• Inflammation of your small intestine called duodenitis
  • Esophageal spasms
  • Eating a diet that is high in fat and low in fiber

Biliary colic after gallbladder removal

After having gallbladder surgery a person can still get biliary colic if you have gallstones that are located in your bile duct. These stones that are in your bile duct can remain there for many years and may or may not cause biliary colic. There is a good chance that you will be relieved of the pain from biliary colic after having your gallbladder removed if it was caused by gallbladder diseases that were non-gallstone related or by the gallstones inside your gallbladder.

Diagnosis

When you see your physician for the pain he will take your medical history, listen to your symptoms, and do a physical examination, paying specific attention to the upper right part of your abdomen where your gallbladder and liver are located. The physician will have you undergo an ultrasound of your abdomen so they can look for gallstones.

Treatment

In order to prevent the pain associated with biliary colic and having gallstones occur you need to keep control of your diet. You need to make sure that you are avoiding meals that are high in fat. You also need to make sure that you are living a healthy lifestyle, including exercising at least thirty minutes a day. If you are giving the diagnosis of having gallstones or having biliary colic your physician may use one of the methods of treatment.

  • A prescription for pain medication to help ease the pain
  • Eating a gallbladder diet which includes foods that are high in fiber and fat free
  • If your pain becomes severe you may have to have a cholecystectomy, which is gallbladder surgery to remove your gallbladder.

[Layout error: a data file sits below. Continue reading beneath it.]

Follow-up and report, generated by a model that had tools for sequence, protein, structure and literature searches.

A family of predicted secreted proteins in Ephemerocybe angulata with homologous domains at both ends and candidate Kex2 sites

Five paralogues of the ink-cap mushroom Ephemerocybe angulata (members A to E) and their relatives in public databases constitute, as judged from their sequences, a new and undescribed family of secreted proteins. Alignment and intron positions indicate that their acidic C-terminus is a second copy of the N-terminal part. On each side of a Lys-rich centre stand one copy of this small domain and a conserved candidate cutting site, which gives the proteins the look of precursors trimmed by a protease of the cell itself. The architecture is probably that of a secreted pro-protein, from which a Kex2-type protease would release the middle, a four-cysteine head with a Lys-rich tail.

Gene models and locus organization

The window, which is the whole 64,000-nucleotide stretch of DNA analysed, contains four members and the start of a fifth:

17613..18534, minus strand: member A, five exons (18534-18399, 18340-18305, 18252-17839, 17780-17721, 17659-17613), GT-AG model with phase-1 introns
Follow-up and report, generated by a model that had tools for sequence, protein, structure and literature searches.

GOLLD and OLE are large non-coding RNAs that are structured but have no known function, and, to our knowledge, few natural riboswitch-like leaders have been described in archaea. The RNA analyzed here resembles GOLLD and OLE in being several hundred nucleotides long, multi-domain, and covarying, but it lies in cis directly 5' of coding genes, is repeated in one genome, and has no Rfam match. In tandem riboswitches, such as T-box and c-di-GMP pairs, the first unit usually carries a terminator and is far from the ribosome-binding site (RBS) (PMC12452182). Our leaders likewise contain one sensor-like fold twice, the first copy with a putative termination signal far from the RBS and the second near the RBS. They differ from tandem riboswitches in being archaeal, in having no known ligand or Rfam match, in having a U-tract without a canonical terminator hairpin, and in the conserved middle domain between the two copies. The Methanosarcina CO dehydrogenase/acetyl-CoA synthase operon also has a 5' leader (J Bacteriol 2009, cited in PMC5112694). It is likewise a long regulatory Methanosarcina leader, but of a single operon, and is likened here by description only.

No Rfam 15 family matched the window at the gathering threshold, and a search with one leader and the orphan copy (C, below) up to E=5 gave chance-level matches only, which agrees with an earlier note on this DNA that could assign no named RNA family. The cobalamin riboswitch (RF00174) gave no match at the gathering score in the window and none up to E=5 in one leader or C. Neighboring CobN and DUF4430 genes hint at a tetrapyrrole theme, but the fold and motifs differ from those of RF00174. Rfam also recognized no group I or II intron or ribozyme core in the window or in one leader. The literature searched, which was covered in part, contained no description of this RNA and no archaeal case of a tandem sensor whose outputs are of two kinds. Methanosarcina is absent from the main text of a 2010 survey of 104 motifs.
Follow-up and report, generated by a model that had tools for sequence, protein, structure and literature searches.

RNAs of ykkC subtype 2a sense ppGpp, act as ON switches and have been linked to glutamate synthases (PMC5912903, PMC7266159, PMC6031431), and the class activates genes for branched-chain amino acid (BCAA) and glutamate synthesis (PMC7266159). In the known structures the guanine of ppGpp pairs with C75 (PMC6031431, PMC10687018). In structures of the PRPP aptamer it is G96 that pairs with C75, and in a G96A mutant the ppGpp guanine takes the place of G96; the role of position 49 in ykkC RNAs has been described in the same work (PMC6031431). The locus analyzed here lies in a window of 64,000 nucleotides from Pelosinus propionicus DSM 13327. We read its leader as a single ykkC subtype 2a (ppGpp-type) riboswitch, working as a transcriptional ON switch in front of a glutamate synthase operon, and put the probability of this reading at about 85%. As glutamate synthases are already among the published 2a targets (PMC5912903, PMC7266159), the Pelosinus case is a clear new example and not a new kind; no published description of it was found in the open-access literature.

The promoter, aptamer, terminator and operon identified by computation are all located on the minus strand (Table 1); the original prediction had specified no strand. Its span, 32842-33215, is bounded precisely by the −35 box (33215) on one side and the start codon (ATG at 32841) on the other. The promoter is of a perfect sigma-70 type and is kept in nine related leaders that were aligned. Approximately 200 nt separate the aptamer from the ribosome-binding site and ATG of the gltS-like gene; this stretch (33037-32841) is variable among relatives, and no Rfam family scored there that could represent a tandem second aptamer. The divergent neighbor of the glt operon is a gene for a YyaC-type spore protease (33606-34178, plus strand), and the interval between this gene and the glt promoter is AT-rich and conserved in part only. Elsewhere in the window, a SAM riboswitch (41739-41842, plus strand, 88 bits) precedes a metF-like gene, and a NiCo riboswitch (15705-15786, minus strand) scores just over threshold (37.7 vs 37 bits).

• If you have biliary colic after removing your gallbladder the physician will prescribe certain medications to help dissolve any gallstones in your bile duct.

The doctor could prescribe medication to help break up the gallstones instead of opting for surgery but this is expensive medication and it can take months, even years for the medication to work. This is why if the pain is consistent, severe, and other treatments have not worked that the physician decides on surgically removing your gallbladder. In addition, if the stones are large they will not dissolve because only small ones will dissolve.

Which treatment the physician chooses can also depend on which type of biliary colic you have.

  • Cholecystitis - usually with this type you will have severe abdominal pain so the physician will usually prescribe antibiotics and fluids If antibiotics do clear up the problem then you would have to have gallbladder surgery.
  • Cholelithiasis - if there is no symptoms that are associated with the gallbladder stone(s) your physician can give you medications that will eat away at the gallstones that are cholesterol-based but as mentioned above, the medication is expensive and can take awhile to work. If they are causing your problems the physician will do a laparoscopic cholecystectomy, which is a minor invasive surgery.